by D&E Staff

September 18, 2015

Content Marketing World, the globe’s foremost conference on content marketing, took place September 8-11 in Cleveland.  There were hundreds of great sessions on everything from storytelling to SEO, from infographics to improvisation.  For me, three sessions stood out – not because they fit the mold, but because their messages were counterintuitive and iconoclastic.  Here are the three themes that made me think the most:

  1. We don’t need any more content marketers
  2. Put your worst foot forward
  3. Don’t try to maximize your social media reach

Let’s explore each to understand what’s behind these provocative headlines.

1. We Don’t Need Any More Content Marketers

Jay Baer, author of Youtility, came up with this gem.  According to Baer, we have enough content marketers…but not enough good ones.  He explained that content marketing is the bridge between a company and its customers.  Despite what you may have heard about artificial intelligence, real people create this content.  The most successful content marketers are the ones who have a passion for helping improve decision making.  For this to work most effectively, it has to be authentic and in line with the company’s DNA.  When it’s real, it passes the “mom test” because moms can always tell when someone’s trying to fake it.   Coincidentally, Kellogg professor and author Mohan Sawhney, who spoke September 15 at the fall meeting of the Institute for the Study of Business Markets, said almost exactly the same thing about content marketing.  He said human beings  – not companies – write content and read it.  It is engagement that moves hearts and minds, not massive volumes of content created for the sake of schedules or statistics.

2. Put Your Worst Foot Forward

This one speaks to authenticity as well.  Doug Kessler, co-founder of Velocity Partners, suggested a radical strategy for how to describe your company’s products or services.  Don’t hide your shortcomings – celebrate them.  He cites the 1960s Volkswagen ads that called their own cars “ugly.”  For a more recent example, see Hans Brinker Budget Hotels.  Why accentuate your worst qualities?  Because it saves time.  You alienate the customers you don’t want and attract the ones you do want.  You’re using marketing not as a magnet, but a filter.  This “insane honesty” also surprises readers, charms them, signals confidence and builds their trust.  After admitting there are some things your prospects might not like, they are more apt to believe the things you say they will like.  We all know it takes precious time and money to chase down leads.  Why not eliminate some of the ones you know will inevitably be turned off by your offering?  If you know you’ll be the highest price, why not provide a warning.  Not a good fit for certain applications?  Say so.  Missing key services?  Put it out there.  Overcome the objections… before they overcome you.

3. Don’t Try to Maximize Your Social Media Reach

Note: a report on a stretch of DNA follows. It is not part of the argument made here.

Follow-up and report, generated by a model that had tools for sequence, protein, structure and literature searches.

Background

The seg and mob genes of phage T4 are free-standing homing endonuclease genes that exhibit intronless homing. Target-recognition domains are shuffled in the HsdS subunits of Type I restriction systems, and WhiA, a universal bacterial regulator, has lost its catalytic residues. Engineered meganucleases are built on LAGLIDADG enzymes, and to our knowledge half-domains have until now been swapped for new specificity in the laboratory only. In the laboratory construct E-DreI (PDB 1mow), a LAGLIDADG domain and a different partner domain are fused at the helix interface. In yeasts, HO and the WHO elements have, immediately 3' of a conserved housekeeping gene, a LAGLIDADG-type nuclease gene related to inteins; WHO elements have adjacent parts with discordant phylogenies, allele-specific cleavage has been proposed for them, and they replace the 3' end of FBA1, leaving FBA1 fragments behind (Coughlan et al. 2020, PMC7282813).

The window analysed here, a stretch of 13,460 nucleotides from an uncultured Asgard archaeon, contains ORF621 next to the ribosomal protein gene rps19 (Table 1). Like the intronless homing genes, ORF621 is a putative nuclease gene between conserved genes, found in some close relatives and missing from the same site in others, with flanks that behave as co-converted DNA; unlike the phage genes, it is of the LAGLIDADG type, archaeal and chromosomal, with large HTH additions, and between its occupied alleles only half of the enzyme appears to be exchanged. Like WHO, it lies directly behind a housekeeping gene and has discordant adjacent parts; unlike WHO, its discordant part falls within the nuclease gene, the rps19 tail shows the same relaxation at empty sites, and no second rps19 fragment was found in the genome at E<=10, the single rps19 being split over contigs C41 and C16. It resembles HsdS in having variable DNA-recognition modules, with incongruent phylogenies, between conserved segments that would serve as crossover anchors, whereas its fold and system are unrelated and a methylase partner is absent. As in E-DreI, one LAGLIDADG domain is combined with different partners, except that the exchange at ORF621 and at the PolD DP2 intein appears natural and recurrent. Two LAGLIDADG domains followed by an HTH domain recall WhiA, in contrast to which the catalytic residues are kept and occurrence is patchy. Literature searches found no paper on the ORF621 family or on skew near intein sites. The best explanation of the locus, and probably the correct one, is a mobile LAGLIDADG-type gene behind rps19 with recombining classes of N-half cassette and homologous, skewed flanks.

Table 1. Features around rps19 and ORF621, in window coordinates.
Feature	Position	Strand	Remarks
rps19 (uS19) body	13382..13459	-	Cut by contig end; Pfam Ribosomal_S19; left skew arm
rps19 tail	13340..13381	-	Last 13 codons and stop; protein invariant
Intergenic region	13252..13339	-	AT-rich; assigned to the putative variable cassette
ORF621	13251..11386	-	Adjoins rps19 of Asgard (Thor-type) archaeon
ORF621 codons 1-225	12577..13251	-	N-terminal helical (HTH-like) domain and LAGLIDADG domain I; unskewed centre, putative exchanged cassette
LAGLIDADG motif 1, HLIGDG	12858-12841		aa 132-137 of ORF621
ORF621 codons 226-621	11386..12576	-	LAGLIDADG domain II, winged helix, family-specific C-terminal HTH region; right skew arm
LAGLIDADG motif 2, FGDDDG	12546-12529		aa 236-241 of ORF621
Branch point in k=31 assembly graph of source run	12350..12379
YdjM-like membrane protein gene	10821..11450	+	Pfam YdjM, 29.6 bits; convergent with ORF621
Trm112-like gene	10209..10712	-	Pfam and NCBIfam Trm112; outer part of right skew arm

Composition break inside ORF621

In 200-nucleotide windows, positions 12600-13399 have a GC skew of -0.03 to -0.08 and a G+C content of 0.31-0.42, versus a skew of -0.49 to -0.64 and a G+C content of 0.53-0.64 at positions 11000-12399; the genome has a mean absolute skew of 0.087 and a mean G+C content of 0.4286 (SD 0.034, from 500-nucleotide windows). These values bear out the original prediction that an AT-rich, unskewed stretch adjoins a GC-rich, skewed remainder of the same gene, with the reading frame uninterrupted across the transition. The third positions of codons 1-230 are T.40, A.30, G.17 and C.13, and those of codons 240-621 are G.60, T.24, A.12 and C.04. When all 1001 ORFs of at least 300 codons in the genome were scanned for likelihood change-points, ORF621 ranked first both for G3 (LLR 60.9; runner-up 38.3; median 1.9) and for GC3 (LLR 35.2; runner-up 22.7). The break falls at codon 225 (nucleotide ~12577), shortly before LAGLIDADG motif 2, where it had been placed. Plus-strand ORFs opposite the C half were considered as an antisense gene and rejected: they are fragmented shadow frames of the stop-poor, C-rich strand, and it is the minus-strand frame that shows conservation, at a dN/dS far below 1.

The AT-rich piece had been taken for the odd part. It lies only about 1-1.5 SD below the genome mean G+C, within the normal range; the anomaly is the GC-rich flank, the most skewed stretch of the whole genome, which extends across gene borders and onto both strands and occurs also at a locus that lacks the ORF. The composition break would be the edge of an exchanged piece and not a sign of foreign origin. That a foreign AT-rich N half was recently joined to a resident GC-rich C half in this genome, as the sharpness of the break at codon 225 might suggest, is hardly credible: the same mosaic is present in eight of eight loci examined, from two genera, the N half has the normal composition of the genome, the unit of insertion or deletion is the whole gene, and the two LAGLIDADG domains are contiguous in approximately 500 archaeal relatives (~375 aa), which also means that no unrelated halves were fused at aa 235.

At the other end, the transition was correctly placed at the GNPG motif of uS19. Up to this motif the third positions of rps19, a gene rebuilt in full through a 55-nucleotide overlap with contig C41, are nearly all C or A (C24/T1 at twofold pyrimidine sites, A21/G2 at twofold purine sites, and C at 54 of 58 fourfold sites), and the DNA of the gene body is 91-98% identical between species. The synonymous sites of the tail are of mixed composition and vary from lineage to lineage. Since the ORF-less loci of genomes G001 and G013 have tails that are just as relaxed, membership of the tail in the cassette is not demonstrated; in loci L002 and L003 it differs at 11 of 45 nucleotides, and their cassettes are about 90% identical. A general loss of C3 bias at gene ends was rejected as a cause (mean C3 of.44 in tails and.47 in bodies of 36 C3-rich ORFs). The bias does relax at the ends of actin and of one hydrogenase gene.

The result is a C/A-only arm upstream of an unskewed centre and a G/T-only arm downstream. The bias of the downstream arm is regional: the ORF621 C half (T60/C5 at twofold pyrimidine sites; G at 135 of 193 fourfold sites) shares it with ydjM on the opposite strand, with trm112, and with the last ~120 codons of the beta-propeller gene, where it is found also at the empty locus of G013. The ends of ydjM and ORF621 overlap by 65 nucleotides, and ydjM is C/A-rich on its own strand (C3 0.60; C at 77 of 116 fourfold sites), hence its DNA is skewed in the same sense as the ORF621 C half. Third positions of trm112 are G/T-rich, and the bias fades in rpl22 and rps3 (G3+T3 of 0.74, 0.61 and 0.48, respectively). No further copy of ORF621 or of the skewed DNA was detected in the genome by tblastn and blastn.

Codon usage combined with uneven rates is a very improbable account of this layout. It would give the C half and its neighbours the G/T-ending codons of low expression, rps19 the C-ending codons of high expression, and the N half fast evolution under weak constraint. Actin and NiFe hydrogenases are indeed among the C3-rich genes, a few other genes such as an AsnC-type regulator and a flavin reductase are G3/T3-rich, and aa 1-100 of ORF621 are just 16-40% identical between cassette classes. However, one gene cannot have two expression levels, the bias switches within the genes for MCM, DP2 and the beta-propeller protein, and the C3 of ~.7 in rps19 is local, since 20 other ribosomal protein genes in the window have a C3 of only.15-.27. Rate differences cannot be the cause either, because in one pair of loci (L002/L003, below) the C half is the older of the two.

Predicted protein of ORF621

What’s this all about?  We all love it when we get hundreds or thousands – or even millions – of likes.  We’re a hero…at least for a day.  According to Andrew Davis, author of Brandscaping, we go through an addiction cycle in social media in which we first desire response, crave followers, get a rush from wildly successful posts, but then crash when engagement rapidly declines.  Davis believes we should think about the long term, not the quick hits.  We should be building “social momentum” over time across multiple channels.  As we track our peaks and valleys of overall engagement, we should be trying to raise the valleys instead of trying to maximize the peaks,.  If the troughs, or low points, get higher and higher over time, then we are more consistently engaging our audience.  It doesn’t matter if we’re not hitting the highest highs.  It matters much more if our “crash” is not as low as it used to be.  Instead of the wild roller coaster ride, your social media begins to look like a cycle of “grow-plateau-slow…grow-plateau-slow.”


If there was one overarching theme of Content Marketing World, it might be “quality over quantity.”  It’s a sign of maturity when the talk changes from “get it out there” to “make sure it’s good.”  This theme, along with the three take-aways above, should not represent an invitation to back off of content marketing.  Quite the contrary.  There are more tools and channels than ever – especially within mobile and video – that can take your content marketing program to an entirely new level.  However, that new level can no longer be attained by content overload.  It will be obtained with authenticity, honesty and consistency.  Shocking.

Please watch the companion video for this post by clicking below and read our other blog posts on content marketing.  And to discuss content marketing or learn about Dix & Eaton’s offerings in this area, please feel free to contact Dave Loomis.